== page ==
Some glory in their birth , some in their skill,

      Some in their wealth, some  in their body's force,
      Some  in their garments, though new fangled ill!
      Some in their hawks  and hounds, some in their horse;
      And ever humour hath his adjunct pleasure,
      Wherein it finds a joy above the rest,
      But these particulars are not my measure;
      All these I better in one general best;
      Thy love is better than high birth to me,
      Richer than wealth, prouder than garments cost,
      Of more delight than hawks or horses  be,
      And having thee, of all men's pride I boast,
      Wretched in this alone, that thou mayst take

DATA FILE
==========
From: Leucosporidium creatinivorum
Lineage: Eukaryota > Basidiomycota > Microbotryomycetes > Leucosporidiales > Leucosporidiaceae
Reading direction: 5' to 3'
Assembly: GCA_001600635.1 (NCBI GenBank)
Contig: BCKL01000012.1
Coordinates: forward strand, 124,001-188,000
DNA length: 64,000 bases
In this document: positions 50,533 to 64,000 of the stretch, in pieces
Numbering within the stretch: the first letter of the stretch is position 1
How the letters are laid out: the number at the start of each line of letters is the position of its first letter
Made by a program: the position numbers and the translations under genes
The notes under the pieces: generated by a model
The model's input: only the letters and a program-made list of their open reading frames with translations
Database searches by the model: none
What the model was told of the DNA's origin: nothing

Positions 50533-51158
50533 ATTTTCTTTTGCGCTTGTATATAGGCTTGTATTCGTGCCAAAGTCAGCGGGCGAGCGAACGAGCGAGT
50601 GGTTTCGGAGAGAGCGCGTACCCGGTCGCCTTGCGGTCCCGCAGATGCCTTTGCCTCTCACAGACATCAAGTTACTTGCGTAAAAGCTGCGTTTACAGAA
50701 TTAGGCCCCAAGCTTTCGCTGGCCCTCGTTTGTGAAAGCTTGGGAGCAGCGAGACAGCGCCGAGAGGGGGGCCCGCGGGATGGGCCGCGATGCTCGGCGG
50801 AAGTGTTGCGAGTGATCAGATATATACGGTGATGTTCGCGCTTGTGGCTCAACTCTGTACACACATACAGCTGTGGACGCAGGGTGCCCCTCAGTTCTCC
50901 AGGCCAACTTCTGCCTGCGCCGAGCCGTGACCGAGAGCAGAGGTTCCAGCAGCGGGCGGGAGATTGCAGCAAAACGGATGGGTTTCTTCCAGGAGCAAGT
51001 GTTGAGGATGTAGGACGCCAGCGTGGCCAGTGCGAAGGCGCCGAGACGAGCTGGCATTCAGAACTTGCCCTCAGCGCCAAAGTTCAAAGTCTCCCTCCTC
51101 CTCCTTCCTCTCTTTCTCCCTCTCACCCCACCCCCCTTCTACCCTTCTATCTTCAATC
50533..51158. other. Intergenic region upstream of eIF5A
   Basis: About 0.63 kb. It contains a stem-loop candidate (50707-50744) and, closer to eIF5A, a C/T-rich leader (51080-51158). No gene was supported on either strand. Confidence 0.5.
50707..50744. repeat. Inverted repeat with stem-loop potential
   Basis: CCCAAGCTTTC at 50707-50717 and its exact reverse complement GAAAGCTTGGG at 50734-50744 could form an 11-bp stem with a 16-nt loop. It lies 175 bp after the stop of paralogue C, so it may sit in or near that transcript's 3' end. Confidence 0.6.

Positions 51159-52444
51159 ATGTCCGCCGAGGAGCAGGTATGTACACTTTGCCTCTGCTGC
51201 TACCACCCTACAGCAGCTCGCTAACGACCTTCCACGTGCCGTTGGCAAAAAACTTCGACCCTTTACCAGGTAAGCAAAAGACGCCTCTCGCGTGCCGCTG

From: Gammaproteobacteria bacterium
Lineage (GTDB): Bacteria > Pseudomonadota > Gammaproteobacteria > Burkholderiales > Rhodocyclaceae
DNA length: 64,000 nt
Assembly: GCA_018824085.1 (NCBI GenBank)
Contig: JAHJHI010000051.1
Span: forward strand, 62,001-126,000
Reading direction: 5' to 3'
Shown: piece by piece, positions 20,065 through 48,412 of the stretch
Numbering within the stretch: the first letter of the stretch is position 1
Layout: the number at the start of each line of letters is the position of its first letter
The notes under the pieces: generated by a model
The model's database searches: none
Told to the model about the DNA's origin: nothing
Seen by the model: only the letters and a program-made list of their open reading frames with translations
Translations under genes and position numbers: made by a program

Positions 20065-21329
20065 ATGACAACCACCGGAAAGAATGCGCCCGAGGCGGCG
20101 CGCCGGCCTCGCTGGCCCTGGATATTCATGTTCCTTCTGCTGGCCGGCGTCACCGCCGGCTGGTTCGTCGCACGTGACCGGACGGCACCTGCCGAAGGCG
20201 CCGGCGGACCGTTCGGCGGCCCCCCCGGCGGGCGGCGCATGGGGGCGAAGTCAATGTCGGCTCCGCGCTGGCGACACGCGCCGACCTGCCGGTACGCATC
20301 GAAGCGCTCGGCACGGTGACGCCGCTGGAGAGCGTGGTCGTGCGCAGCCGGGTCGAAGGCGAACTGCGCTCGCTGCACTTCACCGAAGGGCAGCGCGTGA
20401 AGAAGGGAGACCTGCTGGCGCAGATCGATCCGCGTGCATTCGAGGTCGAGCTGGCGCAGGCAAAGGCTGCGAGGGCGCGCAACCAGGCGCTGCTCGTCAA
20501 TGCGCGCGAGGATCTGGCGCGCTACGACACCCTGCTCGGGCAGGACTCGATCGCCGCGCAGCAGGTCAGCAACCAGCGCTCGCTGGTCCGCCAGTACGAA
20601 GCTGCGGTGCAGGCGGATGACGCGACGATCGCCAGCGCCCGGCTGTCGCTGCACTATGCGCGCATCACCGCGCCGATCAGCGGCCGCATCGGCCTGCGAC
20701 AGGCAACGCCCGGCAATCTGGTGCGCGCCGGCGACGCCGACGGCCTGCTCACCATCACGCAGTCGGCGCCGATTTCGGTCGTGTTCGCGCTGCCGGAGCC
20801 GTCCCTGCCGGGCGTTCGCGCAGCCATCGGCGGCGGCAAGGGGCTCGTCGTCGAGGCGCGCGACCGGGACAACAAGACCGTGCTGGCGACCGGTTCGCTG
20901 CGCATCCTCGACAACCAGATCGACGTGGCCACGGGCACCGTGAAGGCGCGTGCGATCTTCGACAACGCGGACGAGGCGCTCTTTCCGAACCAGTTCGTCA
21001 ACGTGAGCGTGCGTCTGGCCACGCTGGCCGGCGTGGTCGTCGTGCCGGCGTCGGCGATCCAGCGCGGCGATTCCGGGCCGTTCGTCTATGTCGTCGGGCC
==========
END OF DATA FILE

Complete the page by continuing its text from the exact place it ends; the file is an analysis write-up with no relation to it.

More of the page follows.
All this away, and me most wretched make.



  Note the repetition of the following words-some, some, some,

some, some, some, some, their birth, their  skill, their  wealth,
their body, their garments, their  hawks, their  horses (see 25).

3rd Line.  New fangled ill-fashionably ugly.
5th Line.  Humour-disposition.

  This Sonnet would appear to be addressed to Marguerite,
where he tells her that he boasts that he finds in her everything
equivalent to what other men boast of as set out in the first
four lines of this Sonnet.



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